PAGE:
CAR: Patients cut off from healthcare in Bangui

25 Mar 2013
Press release

As the opposition group known as Seleka takes charge of the Central African Republic's (CAR) capital, Bangui, the medical humanitarian organisation Médecins Sans Frontières/Doctors Without Borders (MSF) calls on those engaged in the fighting to grant the population access to healthcare, not only in the capital, but also across the rest of the country.

In the last 48 hours, due to the high violence and insecurity in Bangui, MSF operations have been seriously disrupted and critically wounded patients are unable to be referred for surgery.

Insecurity in Bangui

An MSF Team arrives in a village in northwest Central African Republic near Boguila to carry out interviews for a new mortality study. © Sibylle Gerstl/MSF

Snce Seleka took control of the capital and due to the high insecurity, MSF is concerned that all medical actors are not able to provide healthcare to the general population of Bangui.

Currently 23 wounded patients are unable to be referred from our emergency project in Sibut to Bangui for further treatment.

While many people aretoo frightened to go to hospitals, these incidents also prevent MSF from providing essential treatment to those in need.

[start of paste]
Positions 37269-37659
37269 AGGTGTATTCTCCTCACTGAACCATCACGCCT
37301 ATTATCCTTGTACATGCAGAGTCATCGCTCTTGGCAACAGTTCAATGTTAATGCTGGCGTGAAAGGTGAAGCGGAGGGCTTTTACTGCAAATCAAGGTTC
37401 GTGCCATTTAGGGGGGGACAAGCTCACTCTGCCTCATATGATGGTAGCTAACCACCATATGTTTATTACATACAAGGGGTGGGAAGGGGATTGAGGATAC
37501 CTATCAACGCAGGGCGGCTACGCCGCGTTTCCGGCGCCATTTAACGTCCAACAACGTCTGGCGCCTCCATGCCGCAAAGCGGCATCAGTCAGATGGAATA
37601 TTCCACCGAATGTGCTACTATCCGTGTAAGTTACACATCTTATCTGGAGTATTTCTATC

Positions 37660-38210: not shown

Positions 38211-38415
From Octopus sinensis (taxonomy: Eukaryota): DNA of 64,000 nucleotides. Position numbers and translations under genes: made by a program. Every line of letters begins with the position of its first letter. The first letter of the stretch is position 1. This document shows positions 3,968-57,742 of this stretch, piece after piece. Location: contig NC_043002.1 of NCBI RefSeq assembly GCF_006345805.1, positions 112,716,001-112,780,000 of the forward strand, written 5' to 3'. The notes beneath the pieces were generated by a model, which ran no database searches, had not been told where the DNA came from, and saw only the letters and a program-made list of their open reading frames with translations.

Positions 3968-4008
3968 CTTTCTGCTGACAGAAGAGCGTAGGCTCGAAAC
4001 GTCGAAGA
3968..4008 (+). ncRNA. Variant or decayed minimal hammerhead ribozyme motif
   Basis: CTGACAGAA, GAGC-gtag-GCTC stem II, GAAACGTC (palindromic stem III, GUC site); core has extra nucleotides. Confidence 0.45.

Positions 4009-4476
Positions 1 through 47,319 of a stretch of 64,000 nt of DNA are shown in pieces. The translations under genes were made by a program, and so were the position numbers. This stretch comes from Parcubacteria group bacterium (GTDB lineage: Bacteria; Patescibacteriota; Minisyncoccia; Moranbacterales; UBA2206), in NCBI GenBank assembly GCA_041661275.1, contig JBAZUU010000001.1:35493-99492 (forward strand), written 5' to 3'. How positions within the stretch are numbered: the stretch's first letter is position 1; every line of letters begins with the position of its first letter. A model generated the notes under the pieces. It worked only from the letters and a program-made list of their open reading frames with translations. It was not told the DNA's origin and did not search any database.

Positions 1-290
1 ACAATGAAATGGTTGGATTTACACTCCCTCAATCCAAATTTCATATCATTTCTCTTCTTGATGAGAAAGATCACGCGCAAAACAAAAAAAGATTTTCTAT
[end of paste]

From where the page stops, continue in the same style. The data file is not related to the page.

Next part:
Throughout the country and in key cities taken by Seleka, displaced people fleeing the conflict have had difficulty reaching health facilities, driven by fear.

MSF operations continue in Carnot, Paoua, Mboki, Zemio, Boguila, Batafango, Kabo, Sibut and Ndele.

MSF requests that all actors in the conflict guarantee access to health facilities for those in need, the population and medical staff, without the risk of being targeted.

MSF looted and robbed

MSF has also been the victim of widespread looting and robberies at its facilities and calls on all parties in the conflict to respect medical structures, ambulances, medical personnel and sick and wounded patients.

“MSF condemns the looting and robberies that have taken place at our facilities in Bangui and Batangafo and reminds all parties that medical personnel shall be respected and protected and shall be granted all available help for the performance of their duties” says Serge St. Louis, MSF Head of Mission in Bangui.

Once the security conditions allow it, MSF wishes to assess the medical needs in Bangui and other cities across the country and take emergency measures to respond to the medical needs.

MSF in the Central African Republic

MSF has been assisting the population of the Central African Republic since 1996. MSF has approximately 80 international staff working in five of the country’s 17 prefectures.